And with Internet TV poised (e.g., Google TV) to take off services like Hulu, Netflix, YouTube and possibly Bitbop become potential ways around cable fees.
Most people would rather pay $10 per month to watch their favorite shows and movies (even if delayed vs. cable and DVD) vs. $60 to $100 per month for premium cable. Of course none of these services offer sports, which is a big driver of cable subscriptions and retention.
The Consumer Electronics Show opens tonight in Las Vegas and there are a ton of announcements coming out of the show already. Mostly they surround three areas: eReaders/Tablets/Slate computers, 3D TV and mobile TV. Here are just a few of the announcements and related coverage so far:
The Samsung Moment is offering free TV via the new mobile DTV standard. Free TV will be of interest to most people who would like to watch TV on mobile devices.
But the persistent question surrounding the so-far unsuccessful mobile TV efforts in the US and abroad is how to get consumers to pay. Then there are the "TV Everywhere" efforts of TimeWarner, Dish Network and Comcast to provide access online and in some cases via mobile devices to subscribers. This extends the "reach" of their subscriptions to other devices.
Although paid offerings have not been very successful to date, a recent survey shows an apparent, growing willingness to pay for premium TV and video content on smartphones. However other surveys show price sensitivity:
Source: QuickPlay Media, n=1,000 (3/09)
There will ultimately probably be three or four "mobile TV" business models in the market:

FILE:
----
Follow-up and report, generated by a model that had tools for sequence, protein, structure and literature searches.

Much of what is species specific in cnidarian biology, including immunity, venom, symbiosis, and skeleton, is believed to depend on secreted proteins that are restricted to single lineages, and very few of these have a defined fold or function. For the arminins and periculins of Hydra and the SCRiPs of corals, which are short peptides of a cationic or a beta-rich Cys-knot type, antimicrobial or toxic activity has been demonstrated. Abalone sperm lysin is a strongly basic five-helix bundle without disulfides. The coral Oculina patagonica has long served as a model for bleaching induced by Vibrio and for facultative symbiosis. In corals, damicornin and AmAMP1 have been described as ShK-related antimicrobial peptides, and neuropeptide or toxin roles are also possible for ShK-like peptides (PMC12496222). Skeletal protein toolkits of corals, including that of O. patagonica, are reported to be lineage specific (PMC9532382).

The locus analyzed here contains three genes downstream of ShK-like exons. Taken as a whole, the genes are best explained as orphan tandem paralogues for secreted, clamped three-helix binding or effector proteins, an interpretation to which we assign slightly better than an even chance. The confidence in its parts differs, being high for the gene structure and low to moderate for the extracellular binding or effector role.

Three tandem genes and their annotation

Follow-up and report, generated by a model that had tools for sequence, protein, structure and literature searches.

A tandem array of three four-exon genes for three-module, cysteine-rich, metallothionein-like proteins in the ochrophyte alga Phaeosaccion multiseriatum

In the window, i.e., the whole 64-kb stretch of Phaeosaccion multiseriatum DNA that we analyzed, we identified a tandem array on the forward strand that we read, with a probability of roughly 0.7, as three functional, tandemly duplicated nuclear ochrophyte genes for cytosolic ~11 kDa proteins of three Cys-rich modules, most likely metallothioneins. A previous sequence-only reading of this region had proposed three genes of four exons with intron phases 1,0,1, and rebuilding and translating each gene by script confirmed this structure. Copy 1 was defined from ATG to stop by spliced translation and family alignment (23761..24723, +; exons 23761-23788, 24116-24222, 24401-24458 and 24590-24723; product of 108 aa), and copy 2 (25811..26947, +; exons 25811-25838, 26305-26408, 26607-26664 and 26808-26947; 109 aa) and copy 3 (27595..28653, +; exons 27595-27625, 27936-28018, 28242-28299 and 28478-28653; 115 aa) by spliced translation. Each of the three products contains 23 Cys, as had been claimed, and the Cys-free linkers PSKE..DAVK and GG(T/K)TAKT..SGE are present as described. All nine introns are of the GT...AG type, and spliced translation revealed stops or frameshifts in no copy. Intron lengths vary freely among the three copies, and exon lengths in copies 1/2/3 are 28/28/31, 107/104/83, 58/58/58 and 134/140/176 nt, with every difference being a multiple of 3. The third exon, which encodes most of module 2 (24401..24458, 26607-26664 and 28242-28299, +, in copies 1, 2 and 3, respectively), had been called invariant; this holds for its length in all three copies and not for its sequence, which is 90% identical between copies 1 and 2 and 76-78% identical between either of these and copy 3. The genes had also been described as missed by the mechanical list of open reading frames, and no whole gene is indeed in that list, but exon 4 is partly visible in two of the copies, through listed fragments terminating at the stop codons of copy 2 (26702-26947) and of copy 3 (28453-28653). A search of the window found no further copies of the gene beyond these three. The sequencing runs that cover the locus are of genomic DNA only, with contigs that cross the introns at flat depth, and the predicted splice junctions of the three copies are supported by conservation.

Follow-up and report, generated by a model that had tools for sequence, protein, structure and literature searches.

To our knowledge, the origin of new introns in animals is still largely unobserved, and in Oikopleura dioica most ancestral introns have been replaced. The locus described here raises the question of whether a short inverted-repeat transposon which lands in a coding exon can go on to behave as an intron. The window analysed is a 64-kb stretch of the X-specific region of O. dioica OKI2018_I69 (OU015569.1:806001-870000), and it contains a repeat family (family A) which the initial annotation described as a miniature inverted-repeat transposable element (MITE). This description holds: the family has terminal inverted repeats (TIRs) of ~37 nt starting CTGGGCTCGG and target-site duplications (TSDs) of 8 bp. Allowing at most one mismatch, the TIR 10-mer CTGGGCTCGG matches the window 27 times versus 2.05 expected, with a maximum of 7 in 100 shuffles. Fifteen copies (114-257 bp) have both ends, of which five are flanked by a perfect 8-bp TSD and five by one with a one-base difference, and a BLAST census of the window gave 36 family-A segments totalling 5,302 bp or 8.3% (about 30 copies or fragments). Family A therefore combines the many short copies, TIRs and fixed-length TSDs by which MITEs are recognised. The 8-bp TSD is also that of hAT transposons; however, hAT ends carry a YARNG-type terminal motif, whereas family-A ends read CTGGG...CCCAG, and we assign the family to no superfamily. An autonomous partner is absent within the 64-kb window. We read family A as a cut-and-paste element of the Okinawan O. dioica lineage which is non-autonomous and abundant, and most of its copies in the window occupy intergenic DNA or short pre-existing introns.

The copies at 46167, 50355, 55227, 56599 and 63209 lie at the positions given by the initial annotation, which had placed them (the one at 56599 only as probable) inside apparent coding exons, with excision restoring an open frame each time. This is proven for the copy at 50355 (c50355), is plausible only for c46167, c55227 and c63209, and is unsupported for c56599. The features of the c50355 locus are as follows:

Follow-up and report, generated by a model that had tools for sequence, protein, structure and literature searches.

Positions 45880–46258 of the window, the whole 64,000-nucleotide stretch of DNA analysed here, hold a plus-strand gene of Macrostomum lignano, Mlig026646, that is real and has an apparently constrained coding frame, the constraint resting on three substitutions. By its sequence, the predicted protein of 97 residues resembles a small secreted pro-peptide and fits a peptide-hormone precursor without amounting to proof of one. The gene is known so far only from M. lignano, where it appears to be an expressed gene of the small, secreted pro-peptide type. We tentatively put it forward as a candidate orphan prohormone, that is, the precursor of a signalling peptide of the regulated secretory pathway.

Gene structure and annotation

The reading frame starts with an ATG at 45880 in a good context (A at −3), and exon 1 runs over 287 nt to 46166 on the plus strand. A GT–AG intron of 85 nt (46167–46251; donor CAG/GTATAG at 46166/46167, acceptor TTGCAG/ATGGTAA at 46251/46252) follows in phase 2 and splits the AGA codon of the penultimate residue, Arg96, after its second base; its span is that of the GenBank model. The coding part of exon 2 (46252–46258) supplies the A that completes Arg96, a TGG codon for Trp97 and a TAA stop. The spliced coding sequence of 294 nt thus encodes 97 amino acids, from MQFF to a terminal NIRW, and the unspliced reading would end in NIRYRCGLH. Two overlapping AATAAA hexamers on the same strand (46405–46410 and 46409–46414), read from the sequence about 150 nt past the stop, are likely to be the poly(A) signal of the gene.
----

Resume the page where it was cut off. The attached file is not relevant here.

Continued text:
The idea of a monthly fee for a stand-alone mobile TV subscription, however, is likely to fail (as it has to date).
I'm not going to keep doing this for the next week or so, but here are JumpTap's and the MMA's predictions for next year:
10. Hypochondriac? We've got an app for that!
Ongoing global pandemics and concerns about socialized healthcare warrant a prescription for mobile content geared toward the sick and the paranoid. Symptoms to watch for include apps that diagnose, doctors that text and medical reminders at hand. Mobile health is just what the doctor ordered!
9. Back to Reality...
Oh, those boring old coupons - they get lost, forgotten, left behind or expired. Look for augmented reality to start playing a larger role in location-based advertising. Now, when you're walking into your favorite coffee shop, the real-time mobile coupon you receive gives you instant gratification with your discounted daily grind.
8. I want my Mobile TV.
In the coming year, both the 2010 Winter Olympics and the 2010 World Cup will heighten mobile video consumption. The introduction of new ad units, including interactive and partial screen, will subsidize free content.
7. Practice Safe Text
Governments and safety advocates around the world warned against texting and driving in 2009. We expect 2010 to bring about technology solutions that disable handset features when the owner is driving.
6. A guy walks into a Barcode...
Proliferation of standardized technology and higher quality camera phones will not only lead to increased adoption of mobile barcodes and coupons, but will also offer a whole new access point to content.
5. Have you hugged your aggregator lately?
Look for aggregators to expand their businesses beyond shortcodes. Aggregation services in the areas of location, customer service and mobile commerce will begin to emerge.
4. Turn free in 1.2 miles